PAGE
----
Yet, there is a difference in what happens to a person who has never known The Lord, and one who has known The Lord intimately but then falls through continual carelessness or selfishness or the seduction of some idolatry.

It becomes especially frightening when an entire people who has once once known the Lord, forsakes Him for these reasons. For they become then capable of every evil imaginable, and worse yet, seeing and calling it good. Bishop Fulton Sheen noted that sin is not the greatest evil in the world, but rather the denial of sin is. It is what put Jesus on the Cross. Can there be a greater act of violence than the murder of God Himself, one which was justified by the religious leaders of the time as good for the nation?

In the readings for Thursday of the 16th week in ordinary time, the Prophet Isaiah, whom Jesus quotes, describes this condition: "Gross is the heart of this people, they will hardly hear with their ears, they have closed their eyes, lest they see with their eyes and hear with their ears and understand with their hearts and be converted and I heal them."

In the medical world the modern mind would understand this as a state of denial. In the spiritual life it's just as deadly as the state of one who denies symptoms of cancer or heart disease. Yet anyone who knows the workings of denial knows that a challenge to it can provoke vehement reaction.

When denial is firmly entrenched, one can no longer speak the truth directly. The person in denial cannot, chooses not to see it or hear it. They are unable to receive it in any unfiltered form. They become insensitive, and even, as Josef Pieper notes, "unable to search for truth because they become satisfied with a fictitious reality which has been created through the abuse of language." So Jesus often does not speak directly to the people. He uses another tactic. He speaks in parables. He intrigues. He touches the desire in man to solve mystery, to know secrets.

He acknowledges at the same time that those (his own disciples) who can know the truth directly are blessed. Sin has not deadened their sensitivities nor made them skeptics. Unrepented sin that is. For there is perhaps no one more sensitive to grace, more grateful, more humbly dependent on God's mercy and receptive to His communications of truth and love, than the repentant sinner.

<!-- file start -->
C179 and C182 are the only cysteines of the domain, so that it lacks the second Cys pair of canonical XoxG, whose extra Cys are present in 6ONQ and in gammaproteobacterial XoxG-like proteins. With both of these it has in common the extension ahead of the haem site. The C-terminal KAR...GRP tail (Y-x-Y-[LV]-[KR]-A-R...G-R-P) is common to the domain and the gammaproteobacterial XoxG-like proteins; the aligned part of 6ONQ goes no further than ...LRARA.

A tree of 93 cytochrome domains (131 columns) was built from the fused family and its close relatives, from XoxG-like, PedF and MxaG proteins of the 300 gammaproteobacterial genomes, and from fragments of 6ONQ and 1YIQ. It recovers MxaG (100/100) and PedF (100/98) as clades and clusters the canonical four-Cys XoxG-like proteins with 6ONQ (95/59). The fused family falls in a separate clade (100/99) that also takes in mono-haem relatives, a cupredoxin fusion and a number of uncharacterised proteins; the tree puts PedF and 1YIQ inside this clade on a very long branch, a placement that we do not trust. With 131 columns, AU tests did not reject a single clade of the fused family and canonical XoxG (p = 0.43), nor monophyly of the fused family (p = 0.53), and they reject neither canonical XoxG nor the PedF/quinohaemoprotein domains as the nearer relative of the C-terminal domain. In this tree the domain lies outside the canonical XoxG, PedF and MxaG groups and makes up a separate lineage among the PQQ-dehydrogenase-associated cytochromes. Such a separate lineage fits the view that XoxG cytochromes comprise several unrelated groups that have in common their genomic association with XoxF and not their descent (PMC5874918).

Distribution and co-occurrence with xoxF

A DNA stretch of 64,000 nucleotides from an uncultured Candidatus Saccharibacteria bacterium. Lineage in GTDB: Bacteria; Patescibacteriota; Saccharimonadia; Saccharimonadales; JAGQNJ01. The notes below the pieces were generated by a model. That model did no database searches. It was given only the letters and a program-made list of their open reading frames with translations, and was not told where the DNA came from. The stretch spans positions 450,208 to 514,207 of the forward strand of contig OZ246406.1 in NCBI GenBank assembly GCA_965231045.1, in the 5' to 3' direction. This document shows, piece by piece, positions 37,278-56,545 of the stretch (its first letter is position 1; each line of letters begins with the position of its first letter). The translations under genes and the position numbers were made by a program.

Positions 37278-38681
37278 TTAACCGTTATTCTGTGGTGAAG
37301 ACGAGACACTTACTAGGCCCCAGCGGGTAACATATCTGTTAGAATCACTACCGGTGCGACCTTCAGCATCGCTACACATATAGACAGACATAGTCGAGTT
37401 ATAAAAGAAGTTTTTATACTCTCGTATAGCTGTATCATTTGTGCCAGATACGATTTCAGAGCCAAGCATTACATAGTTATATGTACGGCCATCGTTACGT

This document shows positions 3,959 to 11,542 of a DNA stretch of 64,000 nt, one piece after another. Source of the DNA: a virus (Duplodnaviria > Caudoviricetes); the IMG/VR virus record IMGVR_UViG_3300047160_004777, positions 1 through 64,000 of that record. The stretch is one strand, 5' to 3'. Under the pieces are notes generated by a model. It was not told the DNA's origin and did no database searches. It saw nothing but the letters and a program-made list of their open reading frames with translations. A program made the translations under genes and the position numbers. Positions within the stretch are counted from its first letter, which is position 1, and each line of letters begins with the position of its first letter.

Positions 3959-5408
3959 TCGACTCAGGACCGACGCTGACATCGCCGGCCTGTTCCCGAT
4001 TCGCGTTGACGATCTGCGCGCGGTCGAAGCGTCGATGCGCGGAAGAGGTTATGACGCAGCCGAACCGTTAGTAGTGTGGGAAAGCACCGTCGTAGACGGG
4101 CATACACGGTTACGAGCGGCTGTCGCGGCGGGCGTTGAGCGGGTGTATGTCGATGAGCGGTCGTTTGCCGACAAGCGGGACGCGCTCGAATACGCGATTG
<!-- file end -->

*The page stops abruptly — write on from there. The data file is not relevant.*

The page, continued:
But one steeped in sin, and more importantly, attached to it, becomes insensible to even the most spectacular graces, skeptical of God's miraculous power, which though without limit, never trespasses man's free will. Truth and grace must be chosen. Speaking truth directly without this can be dangerous, just as it was when Jesus spoke clearly in the synagogue and His own townspeople, in response, attempted to throw Him off a cliff. Denial is a tenacious animal. It can be vicious in protecting it's territory.

This explains the oftentimes unreasonable anger that a believer can encounter in an unbeliever. It's difficult to hold a genuine conversation when hostility surfaces quickly, as though truth itself is the trigger for visceral rejection and rebellion. It's pretty much impossible to approach someone with water, even life-giving waters, if they've been infected by the spiritual variant of rabies.

Which is another reason why Jesus was "not able" to perform many miracles in certain places, because of the lack of faith, of belief. Not because He couldn't but because He wouldn't impose Himself, or force Himself on an unbelieving lot, a people in denial.

This makes the man who prayed: "Lord I believe, help my unbelief," remarkable for his recognition of his own state and remarkable for his humility in asking for the right remedy. May we have his same courage to break free from the fetters of denial in our own lives, for the sake of our own healing, and our healing as a people whom God has chosen to be His own.